Mozart fell ill while in Prague for the September 6, 1791, premiere of his opera La clemenza di Tito, written in that same year on commission for the Emperor’s coronation festivities. He continued his professional functions for some time and conducted the premiere of The Magic Flute on September 30. His health deteriorated in November, at which point he became bedridden, suffering from swelling, pain, and vomiting.

Mozart was nursed in his final illness by his wife and her youngest sister, and was attended by the family doctor. He was mentally occupied with the task of finishing his Requiem. (Tradition claims it was completed by his student Franz Xaver Süssmayr. Despite the story suggested in the movie Amadeus, no foul play was suspected, and Mozart did not dictate passages to Antonio Salieri.)

Mozart died in his home on December 5, 1791, at age 35. In his brief lifetime he composed more than 600 works, many of which are acknowledged masterpieces of symphonic, chamber, choral and operatic music.

 

 

M is for Mozart

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M is for Mozart

Leopold Mozart, professional musician, teacher, and composer in 18th century Salzburg, Austria, had seven children, only two of whom survived infancy. He began teaching the older, a girl called Nannerl, on clavier when she was seven, with little Wolfgang (January 27, 1756—December 5, 1791), aged three, watching. Soon the little boy was picking out tunes on the keyboard, and his father played little musical games with him, encouraging him to imitate what he played.

By the time he was five, Wolfgang was composing his own pieces, written down by Leopold.

When he was six and Nannerl was ten, the family began touring Europe, with the children playing at royal courts in Munich, Vienna, Prague, Mannheim, Paris, London, and Zurich. The children became well-known throughout Europe.Mozart-1783-lange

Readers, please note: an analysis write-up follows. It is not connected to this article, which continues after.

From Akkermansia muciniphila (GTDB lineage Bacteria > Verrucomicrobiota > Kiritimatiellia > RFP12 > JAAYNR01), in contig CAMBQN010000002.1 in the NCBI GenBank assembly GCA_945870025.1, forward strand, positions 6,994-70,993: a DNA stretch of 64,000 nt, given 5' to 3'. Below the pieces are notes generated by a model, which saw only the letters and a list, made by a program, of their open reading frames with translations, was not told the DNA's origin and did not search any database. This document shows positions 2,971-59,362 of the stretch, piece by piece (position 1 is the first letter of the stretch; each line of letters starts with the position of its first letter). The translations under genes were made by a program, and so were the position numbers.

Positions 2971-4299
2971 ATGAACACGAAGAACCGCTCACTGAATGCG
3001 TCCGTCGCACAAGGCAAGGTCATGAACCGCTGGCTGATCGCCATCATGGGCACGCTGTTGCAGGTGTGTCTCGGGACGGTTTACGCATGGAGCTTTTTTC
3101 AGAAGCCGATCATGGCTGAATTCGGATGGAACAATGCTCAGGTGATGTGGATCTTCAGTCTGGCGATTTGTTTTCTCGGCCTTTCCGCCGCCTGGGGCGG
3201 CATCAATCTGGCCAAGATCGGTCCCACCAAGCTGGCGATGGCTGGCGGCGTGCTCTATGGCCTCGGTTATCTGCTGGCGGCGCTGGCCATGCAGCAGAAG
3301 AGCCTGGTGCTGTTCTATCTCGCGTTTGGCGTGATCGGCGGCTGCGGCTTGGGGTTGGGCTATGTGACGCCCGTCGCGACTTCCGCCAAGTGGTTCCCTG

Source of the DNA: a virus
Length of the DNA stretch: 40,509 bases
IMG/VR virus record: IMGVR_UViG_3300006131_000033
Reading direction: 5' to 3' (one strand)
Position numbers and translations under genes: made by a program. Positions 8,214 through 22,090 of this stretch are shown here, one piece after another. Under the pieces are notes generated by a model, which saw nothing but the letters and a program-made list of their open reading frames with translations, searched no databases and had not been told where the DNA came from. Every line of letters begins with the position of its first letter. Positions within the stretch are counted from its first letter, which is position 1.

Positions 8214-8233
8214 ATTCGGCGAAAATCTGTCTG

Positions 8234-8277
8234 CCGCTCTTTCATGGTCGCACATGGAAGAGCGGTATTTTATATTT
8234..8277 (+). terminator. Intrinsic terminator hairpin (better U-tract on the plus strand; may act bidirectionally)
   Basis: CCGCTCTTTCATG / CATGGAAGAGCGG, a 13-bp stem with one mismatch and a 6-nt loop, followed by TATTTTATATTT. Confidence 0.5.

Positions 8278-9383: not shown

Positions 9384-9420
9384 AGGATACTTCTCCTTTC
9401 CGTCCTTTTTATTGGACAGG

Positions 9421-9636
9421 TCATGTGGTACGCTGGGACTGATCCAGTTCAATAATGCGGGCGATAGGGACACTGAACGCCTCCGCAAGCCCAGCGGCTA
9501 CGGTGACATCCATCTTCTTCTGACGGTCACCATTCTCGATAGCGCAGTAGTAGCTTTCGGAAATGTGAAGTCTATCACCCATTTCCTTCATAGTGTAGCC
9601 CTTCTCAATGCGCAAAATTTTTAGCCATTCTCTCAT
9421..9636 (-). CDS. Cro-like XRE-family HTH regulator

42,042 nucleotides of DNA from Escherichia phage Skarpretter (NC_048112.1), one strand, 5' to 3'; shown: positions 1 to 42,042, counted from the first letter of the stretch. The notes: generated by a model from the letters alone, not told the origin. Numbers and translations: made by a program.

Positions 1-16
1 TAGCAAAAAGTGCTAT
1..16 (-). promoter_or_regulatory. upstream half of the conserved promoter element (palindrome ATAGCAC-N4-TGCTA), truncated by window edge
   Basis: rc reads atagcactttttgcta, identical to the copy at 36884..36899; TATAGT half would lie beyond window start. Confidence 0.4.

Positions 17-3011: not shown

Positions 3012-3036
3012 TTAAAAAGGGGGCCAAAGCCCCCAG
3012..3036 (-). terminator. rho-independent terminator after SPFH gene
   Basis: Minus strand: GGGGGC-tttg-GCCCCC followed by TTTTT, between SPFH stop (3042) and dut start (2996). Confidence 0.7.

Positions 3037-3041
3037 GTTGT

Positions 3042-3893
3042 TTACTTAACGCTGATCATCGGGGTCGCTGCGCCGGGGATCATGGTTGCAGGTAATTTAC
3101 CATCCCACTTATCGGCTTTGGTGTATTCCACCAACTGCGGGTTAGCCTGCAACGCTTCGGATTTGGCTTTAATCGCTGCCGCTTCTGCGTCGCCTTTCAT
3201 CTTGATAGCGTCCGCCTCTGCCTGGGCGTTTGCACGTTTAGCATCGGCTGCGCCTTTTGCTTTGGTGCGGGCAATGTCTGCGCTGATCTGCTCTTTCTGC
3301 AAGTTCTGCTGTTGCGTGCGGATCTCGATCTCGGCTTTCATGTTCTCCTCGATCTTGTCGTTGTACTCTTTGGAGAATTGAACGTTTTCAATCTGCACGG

Mozart’s first major position was as a court musician in Salzburg from 1773-1776. Later, he was court composer for the wealthy Archbishop Colloredo, a job he did not relish and was eventually dismissed from. From then on, he freelanced as a composer and a performer, supporting himself with commissions from patrons.

On August 4, 1782, he married Constanze Weber. They lived an extravagant lifestyle which they could not really afford.

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Constanze

Well versed in the classical style of Josef Haydn, he took it to its zenith with surprising harmonies and cadences. In all, he wrote over 600 compositions, including 41symphonies (the first written when he was eight), 22 operas, 15 Masses, 25 piano concertos, 12 violin concertos, 17 piano sonatas, and 26 string quartets.

Some of his most beloved works:

Eine kleine Nachtmusik:

Symphony #25 (you may have to manually restart the clip at the beginning; sorry, some of the embed codes are wonky):

Symphony #40 (you may have to manually restart the clip at the beginning):

From The Magic Flute, The Queen of the Night’s aria:

Mozart's DeathbedIn September of 1791, Mozart fell ill. Sensing his imminent demise, he drove himself to finish some projects in order to provide support for his wife and their two sons. His symptoms of pain, weakness, and vomiting grew worse. His continued his final work, a Requiem paid for by a wealthy patron, on his deathbed, dictating portions to his student, Franz Xaver Süssmayr, who subsequently completed it. Mozart was only thirty-five years old when he died.